My research is on industrial organization and competition policy (antitrust). You can learn more about me and my work by downloading my CV, checking the papers below, or visiting my Google Scholar profile.
The 2020 Vertical Merger Guidelines assume that the elimination of double marginalization caused by vertical integration is procompetitive. We analyze equilibrium effects of vertical integration to shed light on when EDM may fail to be procompetitive in multiproduct industries. Diagnosing Anticompetitive Effects of Vertical Integration by Multiproduct Firms doi | Review of Industrial Organization, 59 (2): 381-92.
Reducing uncertainty about future wholesale prices may reduce firms' incentives to coordinate, and it reduces these incentives the most in markets with stronger leaders. Price Leadership and Uncertainty about Future Costs doi | Journal of Industrial Economics, 69 (2): 305-37.
Vertical mergers by multiproduct firms raise anticompetitive pricing incentives. We call this the Edgeworth-Salinger effect and show that it counteracts procompetitive effects of vertical mergers. We call for the E-S effect to be explicitly considered in antitrust enforcement. The Competitive Impact of Vertical Integration by Multiproduct Firms slides | doi | American Economic Review, 110 (7): 2041-64.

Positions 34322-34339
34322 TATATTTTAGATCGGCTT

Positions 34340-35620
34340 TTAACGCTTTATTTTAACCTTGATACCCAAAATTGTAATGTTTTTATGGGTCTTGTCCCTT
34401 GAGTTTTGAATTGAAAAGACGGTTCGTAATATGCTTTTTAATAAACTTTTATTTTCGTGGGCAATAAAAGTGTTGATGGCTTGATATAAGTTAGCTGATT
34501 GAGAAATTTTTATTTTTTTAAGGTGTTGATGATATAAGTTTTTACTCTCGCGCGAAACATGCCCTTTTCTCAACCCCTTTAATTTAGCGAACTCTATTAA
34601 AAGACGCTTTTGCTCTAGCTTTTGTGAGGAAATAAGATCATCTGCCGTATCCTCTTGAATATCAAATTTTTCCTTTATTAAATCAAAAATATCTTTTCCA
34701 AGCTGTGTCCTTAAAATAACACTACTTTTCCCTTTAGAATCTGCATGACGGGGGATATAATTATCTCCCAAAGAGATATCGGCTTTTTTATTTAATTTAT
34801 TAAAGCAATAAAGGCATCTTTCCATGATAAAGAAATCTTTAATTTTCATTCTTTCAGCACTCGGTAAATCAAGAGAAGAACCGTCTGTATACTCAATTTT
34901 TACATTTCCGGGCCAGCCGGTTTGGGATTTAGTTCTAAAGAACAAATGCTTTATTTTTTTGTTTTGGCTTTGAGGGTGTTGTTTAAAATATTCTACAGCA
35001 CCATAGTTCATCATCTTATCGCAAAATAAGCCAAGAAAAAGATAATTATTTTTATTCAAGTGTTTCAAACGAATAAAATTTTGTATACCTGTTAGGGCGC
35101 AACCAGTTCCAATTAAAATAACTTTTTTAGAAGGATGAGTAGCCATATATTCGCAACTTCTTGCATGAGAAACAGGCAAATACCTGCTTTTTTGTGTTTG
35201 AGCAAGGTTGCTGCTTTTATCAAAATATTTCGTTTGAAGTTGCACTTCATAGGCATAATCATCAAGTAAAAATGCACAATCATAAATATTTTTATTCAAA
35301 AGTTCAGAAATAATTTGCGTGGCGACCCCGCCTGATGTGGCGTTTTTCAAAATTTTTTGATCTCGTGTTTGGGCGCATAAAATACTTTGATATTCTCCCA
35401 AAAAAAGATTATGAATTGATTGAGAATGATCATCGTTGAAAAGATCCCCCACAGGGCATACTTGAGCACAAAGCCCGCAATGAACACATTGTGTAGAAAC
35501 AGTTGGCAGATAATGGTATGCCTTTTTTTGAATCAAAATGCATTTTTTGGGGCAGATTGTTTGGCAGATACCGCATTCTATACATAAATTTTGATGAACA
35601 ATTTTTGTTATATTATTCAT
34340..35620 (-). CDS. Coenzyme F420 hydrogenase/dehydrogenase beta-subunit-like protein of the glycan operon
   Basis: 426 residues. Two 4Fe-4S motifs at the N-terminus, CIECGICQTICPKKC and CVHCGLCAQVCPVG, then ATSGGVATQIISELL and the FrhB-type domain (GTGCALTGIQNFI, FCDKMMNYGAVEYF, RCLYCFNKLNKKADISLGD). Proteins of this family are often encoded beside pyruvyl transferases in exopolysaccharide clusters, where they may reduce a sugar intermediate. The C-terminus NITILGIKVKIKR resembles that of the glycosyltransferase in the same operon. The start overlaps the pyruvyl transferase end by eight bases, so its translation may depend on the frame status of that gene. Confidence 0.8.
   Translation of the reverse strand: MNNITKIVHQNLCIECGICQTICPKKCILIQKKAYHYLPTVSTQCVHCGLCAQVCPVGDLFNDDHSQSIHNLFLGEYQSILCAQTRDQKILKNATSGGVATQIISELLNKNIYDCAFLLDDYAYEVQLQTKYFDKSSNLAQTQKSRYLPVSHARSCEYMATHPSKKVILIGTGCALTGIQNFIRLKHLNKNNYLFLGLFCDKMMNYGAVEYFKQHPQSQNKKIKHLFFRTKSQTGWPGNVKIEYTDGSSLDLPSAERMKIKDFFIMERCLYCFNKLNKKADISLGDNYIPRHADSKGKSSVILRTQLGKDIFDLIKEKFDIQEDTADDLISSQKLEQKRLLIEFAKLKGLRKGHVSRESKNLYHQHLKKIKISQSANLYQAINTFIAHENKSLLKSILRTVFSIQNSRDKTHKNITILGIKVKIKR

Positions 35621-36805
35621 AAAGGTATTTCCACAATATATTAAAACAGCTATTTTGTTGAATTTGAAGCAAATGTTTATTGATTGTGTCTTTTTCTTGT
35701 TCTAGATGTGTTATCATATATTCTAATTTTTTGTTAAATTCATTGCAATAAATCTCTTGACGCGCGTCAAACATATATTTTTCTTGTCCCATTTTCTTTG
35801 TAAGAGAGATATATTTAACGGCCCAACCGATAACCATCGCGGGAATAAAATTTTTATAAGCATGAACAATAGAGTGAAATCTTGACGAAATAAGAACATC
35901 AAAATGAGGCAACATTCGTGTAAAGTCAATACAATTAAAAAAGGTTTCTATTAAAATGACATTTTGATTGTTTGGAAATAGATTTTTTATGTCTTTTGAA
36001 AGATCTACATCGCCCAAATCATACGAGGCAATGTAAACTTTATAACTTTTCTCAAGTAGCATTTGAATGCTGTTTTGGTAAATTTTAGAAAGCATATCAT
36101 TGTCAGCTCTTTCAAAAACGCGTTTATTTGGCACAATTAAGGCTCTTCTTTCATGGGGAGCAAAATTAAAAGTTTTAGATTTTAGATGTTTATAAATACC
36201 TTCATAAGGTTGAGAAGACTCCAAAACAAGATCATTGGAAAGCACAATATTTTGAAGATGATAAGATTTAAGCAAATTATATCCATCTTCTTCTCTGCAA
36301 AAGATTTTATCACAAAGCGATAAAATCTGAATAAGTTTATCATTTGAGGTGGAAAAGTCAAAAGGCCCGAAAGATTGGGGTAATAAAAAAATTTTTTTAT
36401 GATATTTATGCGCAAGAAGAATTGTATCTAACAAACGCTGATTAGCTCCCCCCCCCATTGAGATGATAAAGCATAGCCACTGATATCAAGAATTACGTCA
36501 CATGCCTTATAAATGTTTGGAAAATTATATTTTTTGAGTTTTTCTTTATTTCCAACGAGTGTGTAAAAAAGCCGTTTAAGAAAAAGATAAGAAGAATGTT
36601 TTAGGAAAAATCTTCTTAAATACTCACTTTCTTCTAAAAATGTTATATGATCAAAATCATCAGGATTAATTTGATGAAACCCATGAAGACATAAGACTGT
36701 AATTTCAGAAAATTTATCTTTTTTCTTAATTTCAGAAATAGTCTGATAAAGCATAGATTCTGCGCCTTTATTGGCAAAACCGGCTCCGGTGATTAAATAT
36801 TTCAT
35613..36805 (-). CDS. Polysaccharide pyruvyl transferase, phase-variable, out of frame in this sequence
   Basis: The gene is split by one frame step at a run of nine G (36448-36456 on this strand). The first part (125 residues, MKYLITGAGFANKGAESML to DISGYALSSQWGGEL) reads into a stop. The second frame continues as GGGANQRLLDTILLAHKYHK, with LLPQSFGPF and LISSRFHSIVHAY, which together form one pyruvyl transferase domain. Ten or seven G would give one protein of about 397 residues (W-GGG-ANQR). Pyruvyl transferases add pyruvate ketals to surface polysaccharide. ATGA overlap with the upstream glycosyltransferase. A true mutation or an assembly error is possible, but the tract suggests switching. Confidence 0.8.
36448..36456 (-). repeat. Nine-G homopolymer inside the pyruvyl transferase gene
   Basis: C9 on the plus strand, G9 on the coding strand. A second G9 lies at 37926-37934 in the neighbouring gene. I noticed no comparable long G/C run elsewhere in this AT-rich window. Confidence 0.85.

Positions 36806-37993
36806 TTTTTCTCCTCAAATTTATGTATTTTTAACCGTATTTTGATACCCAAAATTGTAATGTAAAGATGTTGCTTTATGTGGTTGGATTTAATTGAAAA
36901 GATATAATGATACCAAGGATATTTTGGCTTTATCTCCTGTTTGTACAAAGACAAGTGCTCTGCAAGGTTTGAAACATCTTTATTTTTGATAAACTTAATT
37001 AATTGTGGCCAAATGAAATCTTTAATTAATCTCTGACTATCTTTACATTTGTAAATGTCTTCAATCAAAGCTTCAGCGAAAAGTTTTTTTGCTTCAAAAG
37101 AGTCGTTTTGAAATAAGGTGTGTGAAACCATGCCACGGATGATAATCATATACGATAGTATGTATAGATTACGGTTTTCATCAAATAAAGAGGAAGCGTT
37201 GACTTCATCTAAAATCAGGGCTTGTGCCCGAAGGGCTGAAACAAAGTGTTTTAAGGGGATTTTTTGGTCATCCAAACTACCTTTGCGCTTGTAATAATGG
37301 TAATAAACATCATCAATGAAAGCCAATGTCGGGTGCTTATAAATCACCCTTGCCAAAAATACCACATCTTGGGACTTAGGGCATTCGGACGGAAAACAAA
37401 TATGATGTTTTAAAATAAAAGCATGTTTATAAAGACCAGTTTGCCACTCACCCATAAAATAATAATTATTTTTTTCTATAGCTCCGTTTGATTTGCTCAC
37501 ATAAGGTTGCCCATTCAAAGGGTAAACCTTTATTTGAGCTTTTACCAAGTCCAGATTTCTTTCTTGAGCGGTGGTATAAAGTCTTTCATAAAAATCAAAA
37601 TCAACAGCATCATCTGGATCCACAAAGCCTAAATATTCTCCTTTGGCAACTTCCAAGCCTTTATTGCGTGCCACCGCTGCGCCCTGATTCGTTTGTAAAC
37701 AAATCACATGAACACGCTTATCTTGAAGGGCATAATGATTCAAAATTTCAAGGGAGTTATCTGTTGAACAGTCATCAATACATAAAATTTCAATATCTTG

Heterogeneity in strategic sophistication may lead to inefficient market outcomes and high prices even without exploitation of market power. Mergers between heterogeneous firms may, however, improve efficiency even if they increase concentration and do not generate cost synergies. Does Strategic Ability Affect Efficiency? Evidence from Electricity Markets slides | doi | American Economic Review, 109 (12): 4302-42.
Switching costs induce inertia in consumer behavior and often result in consumers paying high prices. Understanding what causes them informs policy design and may induce more intense competition between firms. Switching Costs and Competition in Retirement Investment doi | AEA Research Highlights | American Economic Journal: Microeconomics, 11 (2): 26-54.
Information disclosure may increase or decrease the intensity of competition and it may have important distributional effects. Who Benefits from Information Disclosure? The Case of Retail Gasoline doi | American Economic Journal: Microeconomics, 11 (2): 277-305.
Data Science (undergraduate)
Industrial Organization (graduate)
Interactive Online IO Seminar, aka (IO)^2 Fall 2020, Spring 2021, Summer 2021 (open to everyone)
E-mail: fluco [at] tamu [dot] edu
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